The PIT Maneuver: How the Police Stop Fleeing Cars with a Trick Inspired by Counter-Terror Tactics

The Pursuit Intervention Technique, or PIT, is aimed at stopping fleeing vehicles.

The pursuing police vehicle pulls alongside so that the front bumper is just in front of the rear bumper of the fleeing car.

The officer then makes careful contact with the other vehicle before turning sharply towards it.

This causes the fleeing vehicle to lose traction and turn sideways – ideally to a soft stop.

But the maneuver is highly controversial, as it causes the fleeing vehicle to lose control of the steering wheel and could even tip over – especially at high speeds.

Since 2016, at least 30 people have been killed and hundreds injured when police used the PIT maneuver to end chases, The Washington Post reports.

The tactic was allegedly developed by the German federal police to take out terrorist cars that threatened convoys, and was introduced in the US in the 1970s by the private training company BSR, according to the report. intercept.

Dashcam footage of the incident, obtained by Harper’s legal team, shows the patrol car chasing Harper’s vehicle before hitting the bumper, causing it to swing out of view.

The police vehicle with the dashcam then makes a U-turn and approaches the Harper’s car, which rolls over and smokes. The airbags have inflated and debris is on the side of the highway.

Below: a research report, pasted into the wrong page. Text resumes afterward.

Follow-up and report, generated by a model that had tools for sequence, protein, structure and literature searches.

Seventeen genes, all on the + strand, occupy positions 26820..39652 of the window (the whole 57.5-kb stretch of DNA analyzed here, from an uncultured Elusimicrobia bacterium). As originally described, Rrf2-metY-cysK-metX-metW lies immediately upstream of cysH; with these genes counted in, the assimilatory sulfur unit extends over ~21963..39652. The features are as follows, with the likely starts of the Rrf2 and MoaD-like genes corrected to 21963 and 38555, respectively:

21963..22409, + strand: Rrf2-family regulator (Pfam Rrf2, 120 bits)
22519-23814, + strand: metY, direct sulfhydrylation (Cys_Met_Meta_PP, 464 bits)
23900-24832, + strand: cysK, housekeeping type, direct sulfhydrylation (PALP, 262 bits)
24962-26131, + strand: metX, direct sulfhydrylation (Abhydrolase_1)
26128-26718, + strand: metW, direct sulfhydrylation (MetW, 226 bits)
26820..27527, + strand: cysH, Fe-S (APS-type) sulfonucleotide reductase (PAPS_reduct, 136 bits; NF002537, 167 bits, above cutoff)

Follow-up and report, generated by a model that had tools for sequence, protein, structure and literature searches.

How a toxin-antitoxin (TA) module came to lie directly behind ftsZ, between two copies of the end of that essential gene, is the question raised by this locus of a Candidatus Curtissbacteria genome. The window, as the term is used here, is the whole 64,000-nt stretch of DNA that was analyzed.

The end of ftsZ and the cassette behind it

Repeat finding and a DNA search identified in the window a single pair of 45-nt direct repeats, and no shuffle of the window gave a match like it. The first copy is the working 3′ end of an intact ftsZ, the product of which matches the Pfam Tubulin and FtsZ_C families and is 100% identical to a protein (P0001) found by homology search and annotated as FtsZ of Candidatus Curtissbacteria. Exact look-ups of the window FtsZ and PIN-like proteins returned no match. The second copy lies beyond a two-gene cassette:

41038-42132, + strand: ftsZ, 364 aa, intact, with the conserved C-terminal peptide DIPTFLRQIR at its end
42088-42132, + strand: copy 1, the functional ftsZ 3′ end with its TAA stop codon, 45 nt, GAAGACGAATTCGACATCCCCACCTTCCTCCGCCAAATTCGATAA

The footage shows Dunn berating Harper as he tries to help her out of the vehicle.

Dunn asked her why she didn’t stop, to which Harper replies, “I thought it would be safer to wait for the exit.”

“No ma’am, you must stop if the police stop you,” he replied, trying to help Harper out of the vehicle.

When asked if she was alone in the car, she says, “I’m pregnant!”

Cuomo asked Harper about Dunn’s questioning after the accident.

“I mean, I thought he had me,” she said. “told me I was doing something wrong and in my mind I was doing exactly what I had to do and I was trying to keep us both safe.”

Despite speeding, she said that because she was only driving between 60 and 65 mph, there’s no chance the officer could have believed she was speeding to get away from him.

“My risks were up, I had clearly slowed down,” she said.

An investigation by NBC News in May revealed an increased use of PIT maneuvers by the Arkansas state police.

At least 30 people have died and hundreds more have been injured in PIT maneuvers since 2016, The Washington Post reported, adding that 18 of those deaths occurred after police attempted to stop a driver for speeding or other minor traffic violations.

The Arkansas State Police and other troops use the maneuver to intentionally hit cars during chases, causing them to spin away.

“There is a fundamental state law that none of us should ever forget. All drivers are required by Arkansas law to drive safely off the roadway and stop when a police officer activates the patrol vehicle’s emergency lights and siren. The language of the law is crystal clear,” Colonel Bill Bryant, director of the state police, said in a statement. The independent.

“If a driver makes the decision to ignore the law and flee from the police, state robbers are trained to consider their options.

“Based on the set of circumstances, a state trooper can use spike strips to deflate the chased vehicle’s tires, perform a boxing technique to stem the chase causing the driver to come to a stop, perform a PIT maneuver or end the chase.” .

“Most Arkansas state police chases end without the use of a PIT maneuver.”